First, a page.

Because the Republican assault on Kerry focused so heavily on his service in Vietnam and subsequent anti-war activities, one might have expected it to undermine the public's confidence in his ability to serve as commander-in-chief. But the evidence suggests that just the reverse occurred during the course of the campaign. In May, only 34 percent expressed confidence in Kerry as a potential commander-in-chief, while 61 percent expressed reservations ranging from moderate to intense. But Kerry's stature grew steadily, even during the summer-long attack on his military record. By mid-October, the share of the electorate who felt confident in him had grown to 44 percent while the share with worries fell by 13 points, to 48 percent.
The real story of the 2004 isn't that attacks disqualified Kerry as a potential president — they didn't — but rather that in the two months from Labor Day until the election, the incumbent persuaded just enough people that his record warranted reelection. (His unwavering support of the war in Iraq temporarily halted the erosion of public support for his decision, despite its unexpectedly difficult aftermath.) During that period, the right track/wrong track numbers moved up, and the public's assessment of Bush's record on foreign policy, the war in Iraq, and the economy all improved. On the eve of the election, his overall job approval averaged about 50 percent, up from less than 48 percent in mid-summer and closely predicting the 50.7 percent share of the popular vote that he received.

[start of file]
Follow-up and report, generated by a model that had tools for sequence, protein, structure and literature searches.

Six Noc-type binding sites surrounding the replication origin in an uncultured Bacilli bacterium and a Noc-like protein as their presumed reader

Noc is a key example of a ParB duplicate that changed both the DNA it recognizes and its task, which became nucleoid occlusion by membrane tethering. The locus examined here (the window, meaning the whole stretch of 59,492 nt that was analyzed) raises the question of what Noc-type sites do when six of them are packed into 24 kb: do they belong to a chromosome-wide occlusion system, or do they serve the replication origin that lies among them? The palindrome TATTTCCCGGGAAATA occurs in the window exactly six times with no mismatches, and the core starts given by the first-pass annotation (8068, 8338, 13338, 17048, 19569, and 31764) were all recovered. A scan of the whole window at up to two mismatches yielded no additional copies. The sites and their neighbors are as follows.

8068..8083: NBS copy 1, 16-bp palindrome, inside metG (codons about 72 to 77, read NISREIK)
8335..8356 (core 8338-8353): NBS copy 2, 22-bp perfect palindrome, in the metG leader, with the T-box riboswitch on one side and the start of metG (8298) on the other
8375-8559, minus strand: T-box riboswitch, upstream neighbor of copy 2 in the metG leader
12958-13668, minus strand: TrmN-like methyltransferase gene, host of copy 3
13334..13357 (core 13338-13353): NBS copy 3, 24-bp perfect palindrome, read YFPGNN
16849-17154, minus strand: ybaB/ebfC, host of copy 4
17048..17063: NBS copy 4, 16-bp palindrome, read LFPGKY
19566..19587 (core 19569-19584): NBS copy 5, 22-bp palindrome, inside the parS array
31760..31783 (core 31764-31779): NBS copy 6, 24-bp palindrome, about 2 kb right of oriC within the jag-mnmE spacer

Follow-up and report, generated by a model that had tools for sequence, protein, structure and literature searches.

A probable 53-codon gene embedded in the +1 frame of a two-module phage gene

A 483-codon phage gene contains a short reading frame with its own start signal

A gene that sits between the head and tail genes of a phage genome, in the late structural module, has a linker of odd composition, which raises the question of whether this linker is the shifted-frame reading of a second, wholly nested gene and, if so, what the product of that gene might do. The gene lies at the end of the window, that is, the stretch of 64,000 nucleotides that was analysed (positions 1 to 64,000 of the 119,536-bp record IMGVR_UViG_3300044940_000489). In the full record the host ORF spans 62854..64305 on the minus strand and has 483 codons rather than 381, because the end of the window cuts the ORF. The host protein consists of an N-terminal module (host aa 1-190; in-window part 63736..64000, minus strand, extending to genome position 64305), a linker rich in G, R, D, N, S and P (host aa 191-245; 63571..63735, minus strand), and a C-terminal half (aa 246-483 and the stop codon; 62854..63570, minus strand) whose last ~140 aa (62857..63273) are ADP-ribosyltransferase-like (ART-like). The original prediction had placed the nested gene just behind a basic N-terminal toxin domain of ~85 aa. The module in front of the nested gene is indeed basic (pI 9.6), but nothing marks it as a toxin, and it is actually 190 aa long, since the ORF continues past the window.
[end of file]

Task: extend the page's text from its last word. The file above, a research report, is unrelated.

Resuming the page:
Obama now faces a similar task. In the fourteenth quarter of his presidency, which ended July 19, his job approval averaged 46.8 percent — a bit higher than Gerald Ford's 46.0 percent in mid-1976, but more than a percentage point lower than Bush's 47.9 percent. While inductive generalizations are not necessary truths, the fact remains that no incumbent has ever been reelected with a job approval below 50 percent. The most recent CBS/NYT survey illuminates the challenge Obama confronts. Not only is his job approval down to the levels of last fall and winter, before four months of good economic news pushed them up, but also other indicators — such as right track/wrong track and management of the economy—are moving in the wrong direction. The people have noticed the difference between 225 thousand new jobs per month and 75 thousand, and they've drawn the obvious inference: Only 24 percent of Americans think the economy is improving, down from 33 percent in April.
So the president has some work to do, and he can't get the job done simply by attacking his adversary. Indeed, as I've argued in previous articles, the evidence that the all-out assault on Romney record at Bain Capital is making a difference remains thin at best. Since July 1, while Obama's survey average has declined from 47.5 to 46.0 percent, Romney's has actually edged up slightly, from 44.1 to 44.7 percent. A Gallup/USA Today survey released July 24 finds 63 percent of Americans believing that the challenger's "background in business, including his time as head of Bain Capital," would cause him to "make good decisions... as president in dealing with economic problems that U.S. will face over the next four years." Only 29 percent disagree. This helps explain why Romney leads Obama by 10 points, 51 to 41, on managing the economy and by 6 points (50-44) on creating jobs.
The survey goes on to suggest that Obama still runs even with Romney because of his perceived edge in character. He leads Romney by 30 points on likeability and by 11 on understanding the problems American face in their daily lives. If the election comes down to these differences, Obama might well win a narrow victory. But there's one other personal characteristic that tilts in the other direction: Romney has a 5-point edge over the president as a leader who can "get things done." If the voters care more about efficacy than empathy as they enter the polling booths, Nov. 6 could be a long night for Democrats.